Working Americans are often urged to save independently for retirement, rather than rely on Social Security alone to pay the bills when they’re older. But a troubling number of U.S. adults aren’t making decent headway in this regard.
An astounding 42% of Americans have less than $10,000 socked away for retirement. While that figure includes younger workers with a chance to catch up, it also encompasses near-retirees on the cusp of leaving the workforce. And it’s the latter group that’s really in trouble, because banking on Social Security by itself in retirement means signing up to be cash-strapped for decades.
Social Security alone won’t cut it
Though Social Security can serve as a nice supplement to existing retirement savings, it’s not equipped to sustain seniors by itself. The average beneficiary today collects $1,479 a month in benefits, or $17,748 a year. If you’re an average earner planning to retire in the near future with no savings, and no pension or other viable source of income, then you can expect a similar annual income once your career closes out.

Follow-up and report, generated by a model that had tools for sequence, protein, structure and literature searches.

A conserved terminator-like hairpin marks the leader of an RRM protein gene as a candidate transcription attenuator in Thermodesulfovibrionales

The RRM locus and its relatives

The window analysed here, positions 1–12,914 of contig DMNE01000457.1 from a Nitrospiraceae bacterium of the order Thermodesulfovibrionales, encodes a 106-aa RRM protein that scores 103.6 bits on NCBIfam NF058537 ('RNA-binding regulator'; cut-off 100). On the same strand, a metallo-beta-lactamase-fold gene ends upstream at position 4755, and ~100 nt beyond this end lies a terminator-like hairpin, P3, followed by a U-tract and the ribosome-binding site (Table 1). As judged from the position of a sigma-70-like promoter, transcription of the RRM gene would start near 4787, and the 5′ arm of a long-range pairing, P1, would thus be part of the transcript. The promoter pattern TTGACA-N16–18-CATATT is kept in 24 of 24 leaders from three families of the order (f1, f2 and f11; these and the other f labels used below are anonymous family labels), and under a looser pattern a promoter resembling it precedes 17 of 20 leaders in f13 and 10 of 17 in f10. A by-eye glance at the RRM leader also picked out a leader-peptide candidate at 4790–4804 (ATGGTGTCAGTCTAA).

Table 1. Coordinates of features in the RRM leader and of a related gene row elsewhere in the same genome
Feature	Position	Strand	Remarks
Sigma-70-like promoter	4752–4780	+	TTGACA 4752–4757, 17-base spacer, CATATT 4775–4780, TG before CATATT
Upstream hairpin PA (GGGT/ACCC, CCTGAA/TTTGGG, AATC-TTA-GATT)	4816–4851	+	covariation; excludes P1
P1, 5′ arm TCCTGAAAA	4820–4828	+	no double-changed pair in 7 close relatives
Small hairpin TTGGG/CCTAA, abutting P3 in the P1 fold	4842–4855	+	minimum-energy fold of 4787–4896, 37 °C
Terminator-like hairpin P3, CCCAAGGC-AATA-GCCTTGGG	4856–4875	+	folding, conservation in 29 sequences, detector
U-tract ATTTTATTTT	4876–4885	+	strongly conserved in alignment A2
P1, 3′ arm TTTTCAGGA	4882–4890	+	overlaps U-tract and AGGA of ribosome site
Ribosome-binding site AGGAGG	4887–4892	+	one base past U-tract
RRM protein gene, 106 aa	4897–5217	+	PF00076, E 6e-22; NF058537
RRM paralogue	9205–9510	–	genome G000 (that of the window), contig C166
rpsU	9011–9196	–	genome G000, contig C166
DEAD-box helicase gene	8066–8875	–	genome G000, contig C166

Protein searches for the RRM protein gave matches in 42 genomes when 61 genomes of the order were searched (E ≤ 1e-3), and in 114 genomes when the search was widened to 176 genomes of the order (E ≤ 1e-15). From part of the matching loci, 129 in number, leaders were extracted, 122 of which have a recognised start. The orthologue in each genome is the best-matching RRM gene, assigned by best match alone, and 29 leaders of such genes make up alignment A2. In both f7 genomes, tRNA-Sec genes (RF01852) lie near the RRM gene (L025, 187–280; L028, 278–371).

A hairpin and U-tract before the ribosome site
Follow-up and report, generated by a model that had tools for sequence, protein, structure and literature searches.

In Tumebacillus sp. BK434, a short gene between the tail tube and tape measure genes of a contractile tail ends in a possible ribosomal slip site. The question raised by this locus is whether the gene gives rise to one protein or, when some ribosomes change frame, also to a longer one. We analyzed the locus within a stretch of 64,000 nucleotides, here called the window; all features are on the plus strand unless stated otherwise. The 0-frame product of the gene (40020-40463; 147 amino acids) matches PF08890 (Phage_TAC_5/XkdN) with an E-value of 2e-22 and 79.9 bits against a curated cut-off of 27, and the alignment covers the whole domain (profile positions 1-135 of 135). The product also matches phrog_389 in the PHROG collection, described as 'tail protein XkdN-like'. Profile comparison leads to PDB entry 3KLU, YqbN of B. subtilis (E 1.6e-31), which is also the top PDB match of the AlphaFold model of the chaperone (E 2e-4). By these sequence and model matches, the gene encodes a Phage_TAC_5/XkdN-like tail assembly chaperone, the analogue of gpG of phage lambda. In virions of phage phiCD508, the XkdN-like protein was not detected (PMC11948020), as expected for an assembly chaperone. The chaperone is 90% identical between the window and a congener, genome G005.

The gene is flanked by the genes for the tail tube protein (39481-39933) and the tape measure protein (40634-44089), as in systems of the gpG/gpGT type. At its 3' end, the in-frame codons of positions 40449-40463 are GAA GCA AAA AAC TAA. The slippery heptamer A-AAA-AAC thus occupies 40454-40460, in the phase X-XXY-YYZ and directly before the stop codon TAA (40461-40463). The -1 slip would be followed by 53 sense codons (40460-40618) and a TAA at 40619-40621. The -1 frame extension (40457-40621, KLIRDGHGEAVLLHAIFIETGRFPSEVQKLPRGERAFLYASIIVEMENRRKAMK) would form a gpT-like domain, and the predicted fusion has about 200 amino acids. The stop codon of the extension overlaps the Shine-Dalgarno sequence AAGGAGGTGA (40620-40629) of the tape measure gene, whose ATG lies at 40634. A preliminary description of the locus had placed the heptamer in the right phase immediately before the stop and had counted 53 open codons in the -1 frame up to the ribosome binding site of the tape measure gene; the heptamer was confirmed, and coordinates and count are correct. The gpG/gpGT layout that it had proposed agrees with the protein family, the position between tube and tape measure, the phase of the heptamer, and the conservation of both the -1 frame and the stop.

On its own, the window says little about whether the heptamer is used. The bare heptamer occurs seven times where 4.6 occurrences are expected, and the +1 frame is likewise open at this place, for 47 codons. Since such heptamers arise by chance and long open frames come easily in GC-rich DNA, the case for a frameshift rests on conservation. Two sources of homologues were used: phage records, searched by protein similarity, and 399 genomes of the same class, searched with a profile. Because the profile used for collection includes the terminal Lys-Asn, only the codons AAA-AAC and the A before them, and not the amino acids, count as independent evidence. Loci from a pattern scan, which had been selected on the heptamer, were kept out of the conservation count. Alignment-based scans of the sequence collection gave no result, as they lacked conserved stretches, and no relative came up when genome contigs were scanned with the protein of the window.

But chances are, $17,748 a year won’t suffice in paying your bills. And if you think it will, ask yourself: “Am I spending much more than $17,748 a year now?” Because if you are, then you’ll need to…